The most important issue is not mentioned in the article: it's not really a problem that Microsoft bundles software; everyone does that. Even the fact that something cannot be removed does not have to be a problem, persť. The big problem with Microsoft is that it is abusing its monopoly on the desktop to gain monopoly in other area's such as the world of media players and servers, for example.

Here's the press release: http://curia.europa.eu/en/actu/communiques/cp07/aff/cp070063en.pdf

Edited 2007-09-17 16:13

Reply Parent Score: 13

RE[2]: As you might expect
by anda_skoa on Mon 17th Sep 2007 19:17 in reply to "RE: As you might expect"
anda_skoa Member since:
2005-07-07

The big problem with Microsoft is that it is abusing its monopoly on the desktop to gain monopoly in other area's such as the world of media players and servers, for example.


Exactly!

And as expected, the spinmeisters neatly ignore the real problem but instead focus on the bundling detail.

This results in less informed people to see just the arguments about media players and browser instead of learning about the issues that for example media server technology providers have run into because not being treated equally by the default media player.

I wish that instead of requesting a separate player-less bundle such rulings would request having competing client side technology equally bundled, i.e. all currently available codec being equally pre-installed or equally available through automatic download.

Reply Parent Score: 7

RE: As you might expect
by SReilly on Mon 17th Sep 2007 16:10 in reply to "As you might expect"
SReilly Member since:
2006-12-28

That pretty much describes these trials.

You are so far off the mark with that one, it's not even funny. When both the US and the EU find a company to be abusing it's market position and actively harming consumer choice than I, and anybody with an ounce of sense, am going to believe them. To do otherwise is to stick your head in the sand or stick your fingers in your ears while loudly shouting out 'I can't hear you!'.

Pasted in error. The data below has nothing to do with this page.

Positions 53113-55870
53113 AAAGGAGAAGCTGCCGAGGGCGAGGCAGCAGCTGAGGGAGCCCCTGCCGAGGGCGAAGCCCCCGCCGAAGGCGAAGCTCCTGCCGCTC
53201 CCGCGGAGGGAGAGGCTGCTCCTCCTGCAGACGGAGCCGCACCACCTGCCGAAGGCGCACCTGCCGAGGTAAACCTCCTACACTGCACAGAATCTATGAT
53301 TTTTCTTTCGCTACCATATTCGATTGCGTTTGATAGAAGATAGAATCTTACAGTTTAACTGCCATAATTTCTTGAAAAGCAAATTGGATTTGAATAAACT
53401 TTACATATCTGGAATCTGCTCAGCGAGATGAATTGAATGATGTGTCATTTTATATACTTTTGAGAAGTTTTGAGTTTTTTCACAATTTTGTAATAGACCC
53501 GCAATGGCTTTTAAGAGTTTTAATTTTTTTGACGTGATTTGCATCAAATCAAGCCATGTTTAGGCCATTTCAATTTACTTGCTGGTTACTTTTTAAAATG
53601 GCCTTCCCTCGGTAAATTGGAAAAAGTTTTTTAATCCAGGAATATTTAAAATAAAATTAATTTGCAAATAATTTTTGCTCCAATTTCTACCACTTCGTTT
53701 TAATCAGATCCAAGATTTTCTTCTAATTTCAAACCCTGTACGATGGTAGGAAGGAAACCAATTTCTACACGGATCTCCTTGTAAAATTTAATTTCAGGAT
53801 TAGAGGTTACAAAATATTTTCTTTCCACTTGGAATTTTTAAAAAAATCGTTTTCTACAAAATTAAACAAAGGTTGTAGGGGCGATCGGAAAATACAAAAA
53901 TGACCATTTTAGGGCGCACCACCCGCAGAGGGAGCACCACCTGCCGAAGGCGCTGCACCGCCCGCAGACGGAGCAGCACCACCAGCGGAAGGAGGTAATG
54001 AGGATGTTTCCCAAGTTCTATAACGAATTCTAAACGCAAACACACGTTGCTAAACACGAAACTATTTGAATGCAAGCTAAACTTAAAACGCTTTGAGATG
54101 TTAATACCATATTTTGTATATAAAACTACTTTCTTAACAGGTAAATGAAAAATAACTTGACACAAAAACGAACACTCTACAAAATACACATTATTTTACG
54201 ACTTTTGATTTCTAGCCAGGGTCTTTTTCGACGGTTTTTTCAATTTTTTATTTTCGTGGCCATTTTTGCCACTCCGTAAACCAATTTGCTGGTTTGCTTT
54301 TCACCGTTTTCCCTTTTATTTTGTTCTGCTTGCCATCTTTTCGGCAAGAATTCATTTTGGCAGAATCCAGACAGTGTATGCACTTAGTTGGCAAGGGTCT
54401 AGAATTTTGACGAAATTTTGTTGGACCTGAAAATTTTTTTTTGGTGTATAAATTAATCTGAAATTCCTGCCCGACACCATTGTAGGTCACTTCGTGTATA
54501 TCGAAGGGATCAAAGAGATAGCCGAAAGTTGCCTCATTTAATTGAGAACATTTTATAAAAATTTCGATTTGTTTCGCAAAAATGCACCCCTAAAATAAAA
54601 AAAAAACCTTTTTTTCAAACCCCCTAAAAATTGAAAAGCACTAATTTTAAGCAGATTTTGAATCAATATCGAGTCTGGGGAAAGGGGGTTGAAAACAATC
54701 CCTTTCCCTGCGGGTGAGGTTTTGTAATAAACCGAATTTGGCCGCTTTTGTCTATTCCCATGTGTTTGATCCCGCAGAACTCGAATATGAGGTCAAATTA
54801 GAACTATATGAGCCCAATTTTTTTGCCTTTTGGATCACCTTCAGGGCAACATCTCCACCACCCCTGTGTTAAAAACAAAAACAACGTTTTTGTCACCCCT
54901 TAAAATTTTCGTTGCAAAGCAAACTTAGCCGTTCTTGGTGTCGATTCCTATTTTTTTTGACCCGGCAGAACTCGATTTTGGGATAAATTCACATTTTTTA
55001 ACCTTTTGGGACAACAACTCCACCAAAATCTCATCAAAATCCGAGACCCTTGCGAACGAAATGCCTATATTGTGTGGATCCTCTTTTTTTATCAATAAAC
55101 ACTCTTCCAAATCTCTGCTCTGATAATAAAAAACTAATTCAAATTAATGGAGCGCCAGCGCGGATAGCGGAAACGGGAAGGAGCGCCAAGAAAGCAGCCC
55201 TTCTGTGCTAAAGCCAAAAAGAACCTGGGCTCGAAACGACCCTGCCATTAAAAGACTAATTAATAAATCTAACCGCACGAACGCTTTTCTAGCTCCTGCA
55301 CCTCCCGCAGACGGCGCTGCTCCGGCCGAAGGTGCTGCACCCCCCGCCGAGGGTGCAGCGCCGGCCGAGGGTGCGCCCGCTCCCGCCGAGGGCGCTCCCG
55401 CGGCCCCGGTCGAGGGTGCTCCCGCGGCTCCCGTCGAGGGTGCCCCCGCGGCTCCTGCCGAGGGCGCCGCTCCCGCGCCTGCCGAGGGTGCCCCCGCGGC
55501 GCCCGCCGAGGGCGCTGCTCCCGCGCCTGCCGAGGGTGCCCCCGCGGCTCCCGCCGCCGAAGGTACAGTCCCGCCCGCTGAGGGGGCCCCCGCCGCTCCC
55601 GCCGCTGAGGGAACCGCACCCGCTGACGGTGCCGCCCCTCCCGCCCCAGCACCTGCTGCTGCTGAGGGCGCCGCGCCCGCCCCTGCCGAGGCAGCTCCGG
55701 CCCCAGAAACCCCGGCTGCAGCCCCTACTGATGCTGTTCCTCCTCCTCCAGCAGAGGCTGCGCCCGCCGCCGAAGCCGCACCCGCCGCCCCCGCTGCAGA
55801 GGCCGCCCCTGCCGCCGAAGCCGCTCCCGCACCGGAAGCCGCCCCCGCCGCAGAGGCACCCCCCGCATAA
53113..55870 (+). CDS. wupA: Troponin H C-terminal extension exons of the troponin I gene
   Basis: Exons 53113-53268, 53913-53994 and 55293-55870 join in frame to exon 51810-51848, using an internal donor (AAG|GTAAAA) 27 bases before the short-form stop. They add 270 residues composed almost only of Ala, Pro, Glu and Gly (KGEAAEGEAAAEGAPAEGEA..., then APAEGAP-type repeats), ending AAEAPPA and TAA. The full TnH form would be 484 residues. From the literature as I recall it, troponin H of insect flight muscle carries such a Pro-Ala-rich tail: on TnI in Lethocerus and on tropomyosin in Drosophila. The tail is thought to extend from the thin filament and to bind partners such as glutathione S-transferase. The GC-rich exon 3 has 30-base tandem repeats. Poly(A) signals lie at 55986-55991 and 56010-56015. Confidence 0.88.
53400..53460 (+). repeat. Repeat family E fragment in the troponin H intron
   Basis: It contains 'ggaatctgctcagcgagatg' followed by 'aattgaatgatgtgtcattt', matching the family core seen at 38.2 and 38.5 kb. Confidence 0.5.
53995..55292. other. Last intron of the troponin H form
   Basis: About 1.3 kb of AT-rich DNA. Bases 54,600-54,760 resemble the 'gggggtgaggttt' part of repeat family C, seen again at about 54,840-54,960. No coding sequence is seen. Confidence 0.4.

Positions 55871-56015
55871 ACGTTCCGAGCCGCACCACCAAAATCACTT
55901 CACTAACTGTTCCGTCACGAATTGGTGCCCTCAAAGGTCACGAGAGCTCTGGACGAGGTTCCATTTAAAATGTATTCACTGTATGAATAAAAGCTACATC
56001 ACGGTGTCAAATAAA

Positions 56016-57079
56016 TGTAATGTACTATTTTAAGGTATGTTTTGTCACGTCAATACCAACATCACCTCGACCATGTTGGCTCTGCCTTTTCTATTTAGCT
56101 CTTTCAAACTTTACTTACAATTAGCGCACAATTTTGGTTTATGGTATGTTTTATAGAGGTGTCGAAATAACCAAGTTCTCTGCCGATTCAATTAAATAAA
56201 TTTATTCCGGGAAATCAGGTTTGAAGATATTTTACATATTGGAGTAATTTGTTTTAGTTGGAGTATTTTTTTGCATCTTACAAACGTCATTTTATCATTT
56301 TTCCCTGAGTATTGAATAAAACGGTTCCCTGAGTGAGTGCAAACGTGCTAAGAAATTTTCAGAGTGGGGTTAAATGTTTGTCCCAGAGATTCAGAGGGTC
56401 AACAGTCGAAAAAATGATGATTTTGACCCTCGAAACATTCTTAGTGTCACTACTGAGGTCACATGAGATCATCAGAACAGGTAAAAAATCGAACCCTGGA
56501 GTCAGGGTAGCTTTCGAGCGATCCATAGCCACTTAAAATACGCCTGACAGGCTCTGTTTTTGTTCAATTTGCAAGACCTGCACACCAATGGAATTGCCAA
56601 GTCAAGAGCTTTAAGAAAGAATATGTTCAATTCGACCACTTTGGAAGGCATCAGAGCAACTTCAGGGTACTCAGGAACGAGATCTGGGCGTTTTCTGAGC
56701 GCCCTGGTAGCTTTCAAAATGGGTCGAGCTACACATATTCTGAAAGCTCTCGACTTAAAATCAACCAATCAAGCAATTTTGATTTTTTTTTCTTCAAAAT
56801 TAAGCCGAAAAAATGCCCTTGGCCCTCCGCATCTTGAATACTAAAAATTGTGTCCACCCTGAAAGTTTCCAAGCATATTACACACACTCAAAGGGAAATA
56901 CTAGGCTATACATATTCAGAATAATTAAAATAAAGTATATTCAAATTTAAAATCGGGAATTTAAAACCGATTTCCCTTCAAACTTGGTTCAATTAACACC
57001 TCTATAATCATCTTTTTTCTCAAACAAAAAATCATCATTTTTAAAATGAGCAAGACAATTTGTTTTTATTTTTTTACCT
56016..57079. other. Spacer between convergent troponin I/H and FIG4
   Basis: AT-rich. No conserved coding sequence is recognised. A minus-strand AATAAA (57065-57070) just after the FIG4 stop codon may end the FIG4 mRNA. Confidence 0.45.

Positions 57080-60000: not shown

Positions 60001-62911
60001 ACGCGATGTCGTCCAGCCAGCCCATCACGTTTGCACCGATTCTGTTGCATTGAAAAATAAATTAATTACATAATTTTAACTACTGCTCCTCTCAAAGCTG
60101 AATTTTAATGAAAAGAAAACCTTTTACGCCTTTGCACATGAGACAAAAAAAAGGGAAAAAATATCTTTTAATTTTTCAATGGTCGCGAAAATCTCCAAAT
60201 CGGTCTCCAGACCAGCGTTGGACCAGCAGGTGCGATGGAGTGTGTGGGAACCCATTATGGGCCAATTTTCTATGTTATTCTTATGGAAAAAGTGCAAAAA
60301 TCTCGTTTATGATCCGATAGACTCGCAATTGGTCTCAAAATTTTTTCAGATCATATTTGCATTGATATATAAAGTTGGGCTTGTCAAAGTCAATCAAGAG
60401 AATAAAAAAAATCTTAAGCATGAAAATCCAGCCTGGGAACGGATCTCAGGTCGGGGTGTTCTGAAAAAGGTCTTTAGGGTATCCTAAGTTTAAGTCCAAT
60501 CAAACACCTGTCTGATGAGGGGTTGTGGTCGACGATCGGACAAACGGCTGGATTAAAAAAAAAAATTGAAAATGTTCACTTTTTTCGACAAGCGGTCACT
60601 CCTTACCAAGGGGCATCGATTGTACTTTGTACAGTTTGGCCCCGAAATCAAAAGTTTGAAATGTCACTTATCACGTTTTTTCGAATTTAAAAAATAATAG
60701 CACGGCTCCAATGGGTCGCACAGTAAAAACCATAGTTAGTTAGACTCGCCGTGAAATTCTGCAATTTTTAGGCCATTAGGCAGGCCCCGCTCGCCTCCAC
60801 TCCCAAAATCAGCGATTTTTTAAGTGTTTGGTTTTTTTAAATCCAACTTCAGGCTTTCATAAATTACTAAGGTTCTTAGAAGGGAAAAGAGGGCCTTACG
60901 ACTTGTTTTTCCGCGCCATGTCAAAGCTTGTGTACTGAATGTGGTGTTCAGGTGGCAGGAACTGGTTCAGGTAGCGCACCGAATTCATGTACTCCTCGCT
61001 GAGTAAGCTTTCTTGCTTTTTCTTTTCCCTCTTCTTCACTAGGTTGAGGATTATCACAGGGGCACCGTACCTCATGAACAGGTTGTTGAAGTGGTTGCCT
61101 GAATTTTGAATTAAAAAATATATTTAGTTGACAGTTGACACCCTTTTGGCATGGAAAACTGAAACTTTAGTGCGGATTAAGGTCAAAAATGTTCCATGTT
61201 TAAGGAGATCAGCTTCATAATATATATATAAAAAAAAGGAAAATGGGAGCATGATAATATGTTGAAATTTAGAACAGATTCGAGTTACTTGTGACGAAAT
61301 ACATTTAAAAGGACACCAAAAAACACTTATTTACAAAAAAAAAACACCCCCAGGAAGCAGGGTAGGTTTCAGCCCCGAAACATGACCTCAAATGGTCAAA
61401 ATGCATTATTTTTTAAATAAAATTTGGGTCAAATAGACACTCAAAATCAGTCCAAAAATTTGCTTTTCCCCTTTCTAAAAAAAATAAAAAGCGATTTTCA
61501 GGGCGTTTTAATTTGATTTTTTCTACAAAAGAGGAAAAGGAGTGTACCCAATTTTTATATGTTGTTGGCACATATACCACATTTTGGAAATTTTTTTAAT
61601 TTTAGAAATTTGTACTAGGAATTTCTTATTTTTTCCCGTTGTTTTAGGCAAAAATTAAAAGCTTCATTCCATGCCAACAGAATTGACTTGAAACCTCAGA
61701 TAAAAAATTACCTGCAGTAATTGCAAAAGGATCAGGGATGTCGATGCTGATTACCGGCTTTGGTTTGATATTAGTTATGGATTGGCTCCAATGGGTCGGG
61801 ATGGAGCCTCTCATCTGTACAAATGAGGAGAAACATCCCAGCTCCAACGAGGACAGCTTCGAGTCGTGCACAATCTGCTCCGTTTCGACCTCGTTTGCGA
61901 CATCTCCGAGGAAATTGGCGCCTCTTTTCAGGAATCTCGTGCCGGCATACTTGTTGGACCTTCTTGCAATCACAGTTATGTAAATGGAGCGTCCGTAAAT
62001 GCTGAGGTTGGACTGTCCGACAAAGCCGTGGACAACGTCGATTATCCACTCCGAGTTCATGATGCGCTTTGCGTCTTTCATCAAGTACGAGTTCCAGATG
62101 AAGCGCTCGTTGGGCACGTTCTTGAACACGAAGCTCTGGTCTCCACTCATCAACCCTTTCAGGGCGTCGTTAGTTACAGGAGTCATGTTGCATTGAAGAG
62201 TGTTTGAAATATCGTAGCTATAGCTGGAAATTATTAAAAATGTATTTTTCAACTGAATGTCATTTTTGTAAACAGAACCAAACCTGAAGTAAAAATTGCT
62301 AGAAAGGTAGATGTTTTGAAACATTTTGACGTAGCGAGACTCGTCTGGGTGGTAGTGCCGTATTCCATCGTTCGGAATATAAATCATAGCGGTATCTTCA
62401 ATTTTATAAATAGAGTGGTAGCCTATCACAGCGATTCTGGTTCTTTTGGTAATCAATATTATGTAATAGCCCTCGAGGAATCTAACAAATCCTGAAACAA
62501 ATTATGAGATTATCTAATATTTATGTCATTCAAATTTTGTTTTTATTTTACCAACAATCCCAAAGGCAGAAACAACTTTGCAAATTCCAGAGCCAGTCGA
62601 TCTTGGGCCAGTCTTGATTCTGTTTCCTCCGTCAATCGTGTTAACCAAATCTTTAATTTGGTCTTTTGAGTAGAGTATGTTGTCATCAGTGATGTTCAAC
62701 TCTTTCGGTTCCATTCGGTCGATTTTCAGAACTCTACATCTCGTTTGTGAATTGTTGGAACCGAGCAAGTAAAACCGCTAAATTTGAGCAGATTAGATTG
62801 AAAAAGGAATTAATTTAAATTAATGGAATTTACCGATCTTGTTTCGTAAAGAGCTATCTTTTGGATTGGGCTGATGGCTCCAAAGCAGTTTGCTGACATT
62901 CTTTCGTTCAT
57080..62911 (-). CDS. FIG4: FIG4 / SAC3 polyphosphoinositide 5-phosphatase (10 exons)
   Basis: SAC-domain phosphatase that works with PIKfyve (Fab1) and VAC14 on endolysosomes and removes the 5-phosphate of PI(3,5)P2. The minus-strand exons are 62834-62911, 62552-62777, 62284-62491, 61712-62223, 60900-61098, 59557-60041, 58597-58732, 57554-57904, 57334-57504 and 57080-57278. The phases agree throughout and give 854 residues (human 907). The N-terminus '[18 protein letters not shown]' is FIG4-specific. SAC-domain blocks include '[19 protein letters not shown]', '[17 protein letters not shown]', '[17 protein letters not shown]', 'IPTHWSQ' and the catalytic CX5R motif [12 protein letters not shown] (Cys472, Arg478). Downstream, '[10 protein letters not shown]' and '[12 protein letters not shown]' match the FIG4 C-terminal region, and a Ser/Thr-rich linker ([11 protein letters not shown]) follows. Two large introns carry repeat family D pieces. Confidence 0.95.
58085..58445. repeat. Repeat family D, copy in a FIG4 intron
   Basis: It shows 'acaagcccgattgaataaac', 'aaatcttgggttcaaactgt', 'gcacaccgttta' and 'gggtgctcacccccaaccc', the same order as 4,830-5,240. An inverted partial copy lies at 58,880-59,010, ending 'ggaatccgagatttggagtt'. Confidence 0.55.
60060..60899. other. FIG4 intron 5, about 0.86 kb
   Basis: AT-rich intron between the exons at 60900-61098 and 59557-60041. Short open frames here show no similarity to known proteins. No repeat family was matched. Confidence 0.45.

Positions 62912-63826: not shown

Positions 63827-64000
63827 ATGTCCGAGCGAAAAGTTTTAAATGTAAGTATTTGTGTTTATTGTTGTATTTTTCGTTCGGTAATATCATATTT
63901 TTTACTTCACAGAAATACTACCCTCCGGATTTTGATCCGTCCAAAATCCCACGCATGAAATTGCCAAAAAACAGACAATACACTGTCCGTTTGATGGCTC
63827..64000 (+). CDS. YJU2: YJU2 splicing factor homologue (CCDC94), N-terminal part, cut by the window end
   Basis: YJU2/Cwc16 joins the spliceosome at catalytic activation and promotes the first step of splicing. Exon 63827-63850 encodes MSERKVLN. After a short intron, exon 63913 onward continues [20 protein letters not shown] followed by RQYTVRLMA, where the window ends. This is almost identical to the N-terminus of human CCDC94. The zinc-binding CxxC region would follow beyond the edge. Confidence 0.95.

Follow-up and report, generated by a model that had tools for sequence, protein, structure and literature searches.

So when will the injunctions against Canonical, Novell, Red Hat, etc., be coming?

When they start tying applications into they're offering without the ability to uninstall those applications. That's when.

Reply Parent Score: 5

RE: As you might expect
by Jokel on Mon 17th Sep 2007 16:15 in reply to "As you might expect"
Jokel Member since:
2006-06-01

You ask "So when will the injunctions against Canonical, Novell, Red Hat, etc., be coming?"

My answer is... As soon as they also own 95% of the market and can dictate only Linux will be sold on new computers!

Edited 2007-09-17 16:24

Reply Parent Score: 5

RE: As you might expect
by Thom_Holwerda on Mon 17th Sep 2007 16:58 in reply to "As you might expect"
Thom_Holwerda Member since:
2005-06-29

So when will the injunctions against Canonical, Novell, Red Hat, etc., be coming?


Well, I don't think it will be long before the EU will take on Apple's iPod/iTunes monopoly practices. In addition, if Apple does not provide its own methods of unlocking the iPhone in many countries in Europe where they must do so according to the law (The Netherlands, for instance), the EU will surely talk about that one too.

Edited 2007-09-17 17:00 UTC

Reply Parent Score: 1

RE[2]: As you might expect
by mcduck on Mon 17th Sep 2007 18:12 in reply to "As you might expect"
mcduck Member since:
2005-11-23

self-edited, off topic.

Edited 2007-09-17 18:18

Reply Parent Score: 0

RE[3]: As you might expect
by Thom_Holwerda on Mon 17th Sep 2007 18:15 in reply to "RE[2]: As you might expect"
Thom_Holwerda Member since:
2005-06-29

While i strongly disagree with this poster, why the heck is he voted down to -5?


Please don't complain about moderation in the comments' section. They invented email for this stuff.

Reply Parent Score: 1